Friday, October 14, 2016
Cleaning Up After Miners
Then the dwarfs said, “If you will keep our house for us, and cook, and wash, and make the beds, and sew and knit, and keep everything tidy and clean, you may stay with us, and you shall lack nothing….In the morning the dwarfs went to the mountain to dig for gold; in the evening they came home, and their supper had to be ready for them.”
Grimms’ Fairy Tales
Snow White and the Seven Dwarfs
Cast out by her wicked step-mother and nowhere to go Snow White struck what must have seemed a good bargain - cleaning-up after seven diminutive gold miners in exchange for room and board. Society in general has had a similar economic pact with the mining industry, overlooking environmental degradation in exchange for the minerals and metals that win wars, harness energy and build bastions of safety. However, as time has passed, the value proposition has changed. Higher populations, increased pressure on limited water and power resources, and unprecedented scale in mining operations, have amplified dangers to society.
Like a dirty boot on Snow White’s freshly scrubbed floor, damage to the environment and danger to human health has left society calling for stricter curbs on mining activity. Snow White, to her peril, kept letting strangers into the living room, perhaps looking for solace in companionship. Society may get some help from a new technology - geopolymerizaton.
Geopolymers are inorganic materials that form long non-crystalline networks. An example of a naturally-occurring geopolymer is the glasslike volcanic rock called obsidian. Geopolymers can be synthesized using a process not surprisingly called geopolymerization, i.e. a chemical reaction that integrates minerals into a bonded network. Minerals rich in silicon such as fly ash and slag and materials rich in aluminum such as clay are required for the process. The chemical reaction is between a solid aluminosilicate oxide and an alkali metal silicate solution.
Scientists at universities as well as within the mining industry have been working with geopolymerization to mitigate some of the worst pollutants from mining as well as downstream processing facilities. Mine smelters produce significant slag that is also stored at on-site repositories. Likewise, the combustion of coal at power stations produces vast amounts of fly ash composed of fine ashes. In the U.S. coal processors must fit chimneys with particle filtration devices to capture fly ash and most is then deposited at similar on-site repositories. These fly ash and slag heaps frequently produce toxic leachate as rainwater filters through. The contamination of the water sources and soil due to industrial solid waste leachate is has been linked to anemia, stomach cancer and heamochromatosis.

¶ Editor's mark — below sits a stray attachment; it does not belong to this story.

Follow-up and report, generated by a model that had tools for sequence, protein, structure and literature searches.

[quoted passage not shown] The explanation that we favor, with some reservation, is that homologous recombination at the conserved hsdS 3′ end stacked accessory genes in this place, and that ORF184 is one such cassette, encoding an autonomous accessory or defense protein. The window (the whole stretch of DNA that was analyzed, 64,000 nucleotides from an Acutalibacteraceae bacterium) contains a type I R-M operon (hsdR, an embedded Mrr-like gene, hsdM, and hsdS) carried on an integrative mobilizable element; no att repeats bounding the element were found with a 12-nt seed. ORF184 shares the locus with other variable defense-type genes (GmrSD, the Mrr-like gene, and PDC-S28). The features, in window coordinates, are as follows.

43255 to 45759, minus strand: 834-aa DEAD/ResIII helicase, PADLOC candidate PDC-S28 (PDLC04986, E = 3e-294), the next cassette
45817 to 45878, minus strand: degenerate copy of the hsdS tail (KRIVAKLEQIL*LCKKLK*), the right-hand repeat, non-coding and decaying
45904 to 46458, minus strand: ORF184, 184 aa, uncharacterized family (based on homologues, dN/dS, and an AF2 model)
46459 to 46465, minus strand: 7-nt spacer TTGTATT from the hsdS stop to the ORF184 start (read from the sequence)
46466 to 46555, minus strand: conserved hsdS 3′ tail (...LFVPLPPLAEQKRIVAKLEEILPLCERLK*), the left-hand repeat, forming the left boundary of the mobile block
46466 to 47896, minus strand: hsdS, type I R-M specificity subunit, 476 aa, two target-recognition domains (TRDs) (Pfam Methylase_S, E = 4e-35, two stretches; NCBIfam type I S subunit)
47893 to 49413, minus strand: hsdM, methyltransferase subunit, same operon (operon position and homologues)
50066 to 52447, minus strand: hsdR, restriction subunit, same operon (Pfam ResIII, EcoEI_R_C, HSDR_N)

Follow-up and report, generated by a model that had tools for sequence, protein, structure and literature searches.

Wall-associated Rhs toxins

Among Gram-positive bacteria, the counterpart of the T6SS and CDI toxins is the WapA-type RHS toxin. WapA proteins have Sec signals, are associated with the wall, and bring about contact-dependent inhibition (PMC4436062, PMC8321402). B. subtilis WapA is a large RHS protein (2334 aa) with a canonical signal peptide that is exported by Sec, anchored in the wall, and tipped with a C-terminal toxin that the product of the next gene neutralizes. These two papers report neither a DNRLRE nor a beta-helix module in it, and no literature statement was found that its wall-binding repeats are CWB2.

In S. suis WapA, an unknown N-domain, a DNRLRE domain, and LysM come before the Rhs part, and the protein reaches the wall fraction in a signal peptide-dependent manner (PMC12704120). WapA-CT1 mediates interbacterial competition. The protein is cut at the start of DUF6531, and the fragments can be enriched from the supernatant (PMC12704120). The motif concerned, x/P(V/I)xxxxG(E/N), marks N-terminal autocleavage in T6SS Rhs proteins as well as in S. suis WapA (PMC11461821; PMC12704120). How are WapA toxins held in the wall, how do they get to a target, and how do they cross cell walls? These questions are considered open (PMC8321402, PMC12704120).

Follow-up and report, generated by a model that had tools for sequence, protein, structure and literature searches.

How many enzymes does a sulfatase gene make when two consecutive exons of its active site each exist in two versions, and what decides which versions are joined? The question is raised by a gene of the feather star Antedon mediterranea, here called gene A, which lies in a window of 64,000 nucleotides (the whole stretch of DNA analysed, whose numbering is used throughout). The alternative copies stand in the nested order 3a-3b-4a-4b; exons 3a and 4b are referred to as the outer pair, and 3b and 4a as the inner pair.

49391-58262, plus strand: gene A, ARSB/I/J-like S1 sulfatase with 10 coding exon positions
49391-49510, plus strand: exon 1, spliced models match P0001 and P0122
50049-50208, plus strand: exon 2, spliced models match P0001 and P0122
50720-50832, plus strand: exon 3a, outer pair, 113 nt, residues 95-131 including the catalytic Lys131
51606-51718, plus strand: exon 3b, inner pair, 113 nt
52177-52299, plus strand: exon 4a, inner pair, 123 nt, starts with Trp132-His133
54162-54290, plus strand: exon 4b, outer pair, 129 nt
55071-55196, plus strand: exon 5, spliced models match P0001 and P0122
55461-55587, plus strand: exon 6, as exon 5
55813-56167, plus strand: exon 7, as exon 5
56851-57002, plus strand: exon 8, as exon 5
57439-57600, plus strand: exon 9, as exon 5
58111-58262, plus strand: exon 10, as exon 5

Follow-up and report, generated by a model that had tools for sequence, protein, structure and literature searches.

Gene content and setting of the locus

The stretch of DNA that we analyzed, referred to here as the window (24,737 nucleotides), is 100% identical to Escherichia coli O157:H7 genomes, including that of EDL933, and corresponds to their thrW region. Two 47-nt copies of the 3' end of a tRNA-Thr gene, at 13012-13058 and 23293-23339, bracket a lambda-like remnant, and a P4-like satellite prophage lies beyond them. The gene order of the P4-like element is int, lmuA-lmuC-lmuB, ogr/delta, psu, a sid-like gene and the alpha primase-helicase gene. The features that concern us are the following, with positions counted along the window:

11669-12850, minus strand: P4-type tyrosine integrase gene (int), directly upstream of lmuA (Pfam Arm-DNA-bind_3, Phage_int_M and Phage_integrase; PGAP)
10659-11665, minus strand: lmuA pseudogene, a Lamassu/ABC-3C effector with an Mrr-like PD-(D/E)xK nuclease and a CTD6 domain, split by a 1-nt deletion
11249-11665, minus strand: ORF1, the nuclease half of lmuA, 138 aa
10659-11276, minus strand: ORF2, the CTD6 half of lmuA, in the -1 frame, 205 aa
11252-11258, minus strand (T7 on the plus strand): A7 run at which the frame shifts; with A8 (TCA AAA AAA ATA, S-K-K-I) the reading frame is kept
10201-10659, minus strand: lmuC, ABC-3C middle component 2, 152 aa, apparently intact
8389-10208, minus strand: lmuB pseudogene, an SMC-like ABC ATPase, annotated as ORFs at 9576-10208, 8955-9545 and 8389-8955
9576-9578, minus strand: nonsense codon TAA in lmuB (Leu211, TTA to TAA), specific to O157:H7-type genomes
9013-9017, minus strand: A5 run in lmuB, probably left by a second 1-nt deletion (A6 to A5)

The inorganic part of fly ash is 40% to 60% silica and 20% to 30% alumina. By weight, slag is 30% to 40% silica and 7% to 16% alumina. Both have have been identified as strong candidates for geopolymerization. The conversion of fly ash in particular has been targeted for conversion into something more useful - geopolymer cement - that can replace conventional Portland cement. The conversion of potential toxic waste into something usable is a win-win for all players from the mine to the process to society as a whole. Even Snow White would approve!
In the most recent report available, Research and Markets indicated 12,000 tons of geopolymer concrete had been poured globally in the year 2012. It is a modest start for the geopolymer ‘industry.’ The Geopolymer Institute likes to consider it an industry of its own accord and hosts an annual ‘camp’ to promote geopolymer applications such as ceramics, heat-resistant composites, structural materials as well as geopolymer concrete.
Investors looking for a pure play in geopolymers will be disappointed. There are some well known industrial companies that have dipped the corporate toes in this emerging industry. Top of the list is Dow Chemical, Inc. (DOW: NYSE), which makes a geopolymer coating that can be used as a substitute polystyrene foam. The construction chemicals division of BASF (BAS: F or BASFY: OTC/QB) is also in the market with geopolymer grout and binder for industrial use. The oil field services company Schlemberger (SLB: F or SLB: NYSE) produces geopolymer sealing materials and EverCRETE, a geopolymer cement for carbon dioxide storage.
There are several private companies involved as well. A few of the most interesting applications:
· Wagners in Australia produces geopolymer concrete marketed as ‘Earth Friendly.’
· Wagners has a competitor in Australia in Zeobond, which produces E-Crete pre-mixed and pre-cast geopolymer concrete.
· Universal Enterprise in India is producing geopolymer brick made from fly ash.
· Steel slag in India is being turned into pavement blocks by Jajil Enterprises.
· Fire resistant aluminum and geopolymer composite panels have been developed by NuCore Australia.
Investors with a particular interest in environmentally astute alternatives would do well to pay attention to geopolymer science. Many have been conditioned to respond to ‘bio this’ and ‘bio that.’ However, it is clear that sustainability and environmental soundness can come from non-organic sources as well.
Neither the author of the Small Cap Strategist web log, Crystal Equity Research nor its affiliates have a beneficial interest in the companies mentioned herein.
Posted by Debra Fiakas